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Antofagasta, Chile

The University of Antofagasta is a public research university located in Antofagasta, Chile. It is a derivative university part of the Chilean Traditional Universities. Wikipedia.

Classic IRES sequences are notorious for exerting biased expression in favor of upstream coding regions when placed into polycistronic vectors. Here, we report the development of a bicistronic lentiviral system based on the 1D/2A sequence from the foot-and-mouth disease virus that is able to maintain tightly balanced control of upstream and downstream protein expression for several days at a stoichiometry very closely approaching 1.0. Our results suggest that the 1D/2A sequence can be optimized in an FUGW lentiviral setting to coordinate expression of multiple polypeptides, presenting a potentially valuable tool to signaling network researchers and to the gene therapy community.

Davila A.F.,Search for Extraterrestrial Intelligence Institute | Zamorano P.,University of Antofagasta
Physical Biology | Year: 2013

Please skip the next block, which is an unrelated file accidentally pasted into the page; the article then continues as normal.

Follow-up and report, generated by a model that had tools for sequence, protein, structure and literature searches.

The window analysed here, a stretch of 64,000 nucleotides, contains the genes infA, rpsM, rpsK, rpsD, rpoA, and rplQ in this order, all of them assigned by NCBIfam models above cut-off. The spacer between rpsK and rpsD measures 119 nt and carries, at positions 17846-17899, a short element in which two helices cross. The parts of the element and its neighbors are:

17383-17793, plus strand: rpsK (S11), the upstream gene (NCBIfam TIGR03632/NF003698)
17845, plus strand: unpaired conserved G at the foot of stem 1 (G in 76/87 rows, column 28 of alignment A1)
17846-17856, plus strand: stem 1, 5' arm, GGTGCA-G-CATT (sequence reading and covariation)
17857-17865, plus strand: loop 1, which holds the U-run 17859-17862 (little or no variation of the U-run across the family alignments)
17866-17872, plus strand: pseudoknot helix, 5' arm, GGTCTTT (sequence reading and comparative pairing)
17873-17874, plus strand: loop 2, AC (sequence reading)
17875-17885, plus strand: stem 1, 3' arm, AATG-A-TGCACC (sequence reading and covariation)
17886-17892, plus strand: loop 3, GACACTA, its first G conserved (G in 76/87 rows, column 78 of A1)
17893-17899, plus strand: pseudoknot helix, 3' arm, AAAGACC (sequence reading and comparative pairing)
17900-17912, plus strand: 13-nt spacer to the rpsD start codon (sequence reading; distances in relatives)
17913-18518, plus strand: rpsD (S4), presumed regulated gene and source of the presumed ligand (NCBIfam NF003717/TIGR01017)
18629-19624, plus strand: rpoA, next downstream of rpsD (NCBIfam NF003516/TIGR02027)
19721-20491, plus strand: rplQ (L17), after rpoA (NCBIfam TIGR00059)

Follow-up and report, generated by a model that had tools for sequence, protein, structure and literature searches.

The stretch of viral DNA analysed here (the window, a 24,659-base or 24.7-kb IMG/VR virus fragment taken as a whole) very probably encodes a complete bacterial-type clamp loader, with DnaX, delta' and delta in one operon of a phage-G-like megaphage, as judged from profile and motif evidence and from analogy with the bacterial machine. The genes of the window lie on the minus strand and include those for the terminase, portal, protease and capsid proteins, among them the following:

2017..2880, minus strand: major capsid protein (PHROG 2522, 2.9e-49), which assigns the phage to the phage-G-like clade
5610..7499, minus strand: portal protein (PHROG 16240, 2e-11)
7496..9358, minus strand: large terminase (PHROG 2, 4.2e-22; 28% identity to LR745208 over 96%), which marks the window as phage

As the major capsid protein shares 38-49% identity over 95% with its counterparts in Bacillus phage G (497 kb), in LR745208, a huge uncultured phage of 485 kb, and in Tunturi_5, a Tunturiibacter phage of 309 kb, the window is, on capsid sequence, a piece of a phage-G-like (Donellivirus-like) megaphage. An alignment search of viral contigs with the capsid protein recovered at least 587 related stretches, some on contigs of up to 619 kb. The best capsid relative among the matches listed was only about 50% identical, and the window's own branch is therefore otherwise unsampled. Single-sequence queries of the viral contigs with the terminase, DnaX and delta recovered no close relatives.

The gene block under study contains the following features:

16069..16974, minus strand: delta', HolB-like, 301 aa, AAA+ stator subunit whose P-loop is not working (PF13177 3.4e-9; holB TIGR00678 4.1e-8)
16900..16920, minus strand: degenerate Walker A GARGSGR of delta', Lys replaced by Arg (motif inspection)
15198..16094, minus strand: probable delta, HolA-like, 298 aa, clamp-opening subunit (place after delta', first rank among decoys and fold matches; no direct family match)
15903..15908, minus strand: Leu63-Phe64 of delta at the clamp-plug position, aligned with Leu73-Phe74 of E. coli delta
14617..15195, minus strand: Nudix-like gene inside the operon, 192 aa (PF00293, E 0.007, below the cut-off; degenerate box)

Cancer disease is inherent to, and widespread among, metazoans. Yet, some of the hallmarks of cancer such as uncontrolled cell proliferation, lack of apoptosis, hypoxia, fermentative metabolism and free cell motility (metastasis) are akin to a prokaryotic lifestyle, suggesting a link between cancer disease and evolution. In this hypothesis paper, we propose that cancer cells represent a phenotypic reversion to the earliest stage of eukaryotic evolution. This reversion is triggered by the dysregulation of the mitochondria due to cumulative oxidative damage to mitochondrial and nuclear DNA. As a result, the phenotype of normal, differentiated cells gradually reverts to the phenotype of a facultative anaerobic, heterotrophic cell optimized for survival and proliferation in hypoxic environments. This phenotype matches the phenotype of the last eukaryotic common ancestor (LECA) that resulted from the endosymbiosis between an α-proteobacteria (which later became the mitochondria) and an archaebacteria. As such, the evolution of cancer within one individual can be viewed as a recapitulation of the evolution of the eukaryotic cell from fully differentiated cells to LECA. This evolutionary model of cancer is compatible with the current understanding of the disease, and explains the evolutionary basis for most of the hallmarks of cancer, as well as the link between the disease and aging. It could also open new avenues for treatment directed at reestablishing the synergy between the mitochondria and the cancerous cell. © 2013 IOP Publishing Ltd.